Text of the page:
What Happened at Three Mile Island? 40 Years Later, Effects of Nuclear Meltdown Are Still Debated
What happened at Three Mile Island?
The Three Mile Island generating station is a nuclear power plant that sits on the Susquehanna River in central Pennsylvania. In the early morning of March 28, 1979, a series of mechanical and human failures resulted in a loss of coolant water in one of the plant's two reactors. It became overheated and started to melt, releasing radioactive gas into the air.
It was, and still is, the worst nuclear disaster the U.S. has seen.
As news emerged of what had happened, people began to panic. It didn't help that a movie called “The China Syndrome” was playing in theaters that spring. The Hollywood techno-thriller, which starred Jane Fonda and Michael Douglas and Jack Lemmon, told the story of a perilous situation at a nuclear power plant. It was a worst-case scenario of life imitating art.
Two days after the initial accident, Pennsylvania's then-governor, Dick Thornburgh, announced that pregnant women and preschool age children should leave the 5-mile radius around the plant.
Adding to the fear and paranoia, there was initially little information about what had actually happened. An engineer with scant public relations experience was handling communications for the plant. In one contentious press conference, he shouted, “I don’t know why we have to tell you people each and every thing that we do!”
Eventually the Nuclear Regulatory Commission, a federal agency, brought in a skilled communicator named Harold Denton to relay information to the press and public and the immediate panic began to subside.
Families returned to the area. Cleanup of the damaged reactor began, and after a protracted legal battle, the plant restarted its undamaged reactor. Things sort of got back to normal.
But over the years, new fears began to emerge. Many locals think that the accident, and the subsequent radiation exposure, is to blame for their health problems.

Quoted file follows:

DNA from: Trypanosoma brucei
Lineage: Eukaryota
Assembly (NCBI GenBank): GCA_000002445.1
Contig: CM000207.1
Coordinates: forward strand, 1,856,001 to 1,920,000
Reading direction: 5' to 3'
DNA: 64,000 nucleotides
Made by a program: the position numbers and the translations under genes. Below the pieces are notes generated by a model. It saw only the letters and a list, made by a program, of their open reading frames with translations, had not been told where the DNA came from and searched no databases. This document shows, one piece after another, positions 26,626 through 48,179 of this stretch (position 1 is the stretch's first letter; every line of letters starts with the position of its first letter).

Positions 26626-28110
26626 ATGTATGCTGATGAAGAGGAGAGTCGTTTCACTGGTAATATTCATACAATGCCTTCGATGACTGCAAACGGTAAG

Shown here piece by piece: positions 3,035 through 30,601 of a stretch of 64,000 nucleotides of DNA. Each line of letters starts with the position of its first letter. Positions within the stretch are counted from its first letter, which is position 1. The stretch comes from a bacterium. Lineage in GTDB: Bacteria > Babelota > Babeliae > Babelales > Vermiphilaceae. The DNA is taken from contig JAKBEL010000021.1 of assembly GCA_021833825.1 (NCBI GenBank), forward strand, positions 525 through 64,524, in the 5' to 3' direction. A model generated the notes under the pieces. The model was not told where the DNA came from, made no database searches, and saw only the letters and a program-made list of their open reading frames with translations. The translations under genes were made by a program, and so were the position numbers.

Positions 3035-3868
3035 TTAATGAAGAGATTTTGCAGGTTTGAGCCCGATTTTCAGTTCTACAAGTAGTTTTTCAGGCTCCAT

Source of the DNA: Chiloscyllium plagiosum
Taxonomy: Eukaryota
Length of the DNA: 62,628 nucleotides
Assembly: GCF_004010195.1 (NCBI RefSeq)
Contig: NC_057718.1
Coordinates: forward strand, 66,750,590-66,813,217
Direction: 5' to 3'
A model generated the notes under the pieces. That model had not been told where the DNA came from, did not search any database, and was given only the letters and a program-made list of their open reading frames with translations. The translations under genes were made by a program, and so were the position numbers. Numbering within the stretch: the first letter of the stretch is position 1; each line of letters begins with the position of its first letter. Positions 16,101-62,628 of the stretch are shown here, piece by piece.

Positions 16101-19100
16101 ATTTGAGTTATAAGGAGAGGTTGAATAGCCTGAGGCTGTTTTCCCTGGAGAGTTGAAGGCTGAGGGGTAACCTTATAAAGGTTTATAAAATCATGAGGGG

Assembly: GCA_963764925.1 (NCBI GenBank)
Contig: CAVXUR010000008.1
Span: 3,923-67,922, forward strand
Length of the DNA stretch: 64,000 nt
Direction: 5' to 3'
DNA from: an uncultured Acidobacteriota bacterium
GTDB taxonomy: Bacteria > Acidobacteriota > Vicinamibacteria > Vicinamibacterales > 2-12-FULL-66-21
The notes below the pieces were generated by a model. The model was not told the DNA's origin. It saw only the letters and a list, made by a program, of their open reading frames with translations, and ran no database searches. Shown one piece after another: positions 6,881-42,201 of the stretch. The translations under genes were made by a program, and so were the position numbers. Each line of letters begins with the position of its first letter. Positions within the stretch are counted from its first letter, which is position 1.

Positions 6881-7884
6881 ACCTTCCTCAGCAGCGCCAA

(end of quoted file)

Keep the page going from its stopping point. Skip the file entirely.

Christine Layman, who run a Facebook group called Three Mile Island Survivors, offering a safe space to talk about what they claim happened to them.
“A lot of them do believe that that accident had something to do with their illness," she told InsideEdition.com.
Cultural historian Natasha Zaretsky, who wrote "Radiation Nation: Three Mile Island and the Political Transformation of the 1970s," told InsideEdition.com the persistent paranoia is understandable.
“I completely and totally understand why the people who lived near the plant did not necessarily believe the official story," she said. "Both the state and the federal government and the nuclear industry as a whole tried to reassure people who lived near the plant that they had never been exposed to dangerous levels of radiation during the accident, and that in fact there was nothing to fear.”
She said a number of people who lived in the community “really rejected those reassurances.” They were convinced, she said, that “they had sustained radiological injury and had gotten sick because of radiation exposure.”
On the 40th anniversary of the accident, Three Mile Island stands at a crossroads. As they do every year, activists will gather at the gates of the plant on the morning of March 28, to mark the accident with a vigil. Their protests may outlast the plant itself, which is currently too expensive to maintain. Unless the state or federal government takes extraordinary measures, Three Mile Island may close in the coming months.
The potential closure comes as some environmentalists now advocate for nuclear power as an energy source, since it is not a fossil fuel.
“One of the things that makes Three Mile Island really interesting at the moment is that we’re currently in the middle of a debate,” Zaretsky said, “There’s now mounting evidence that we need to transition away from fossil fuels in some way in the coming decades in order to avert the most catastrophic effects of runaway climate change."
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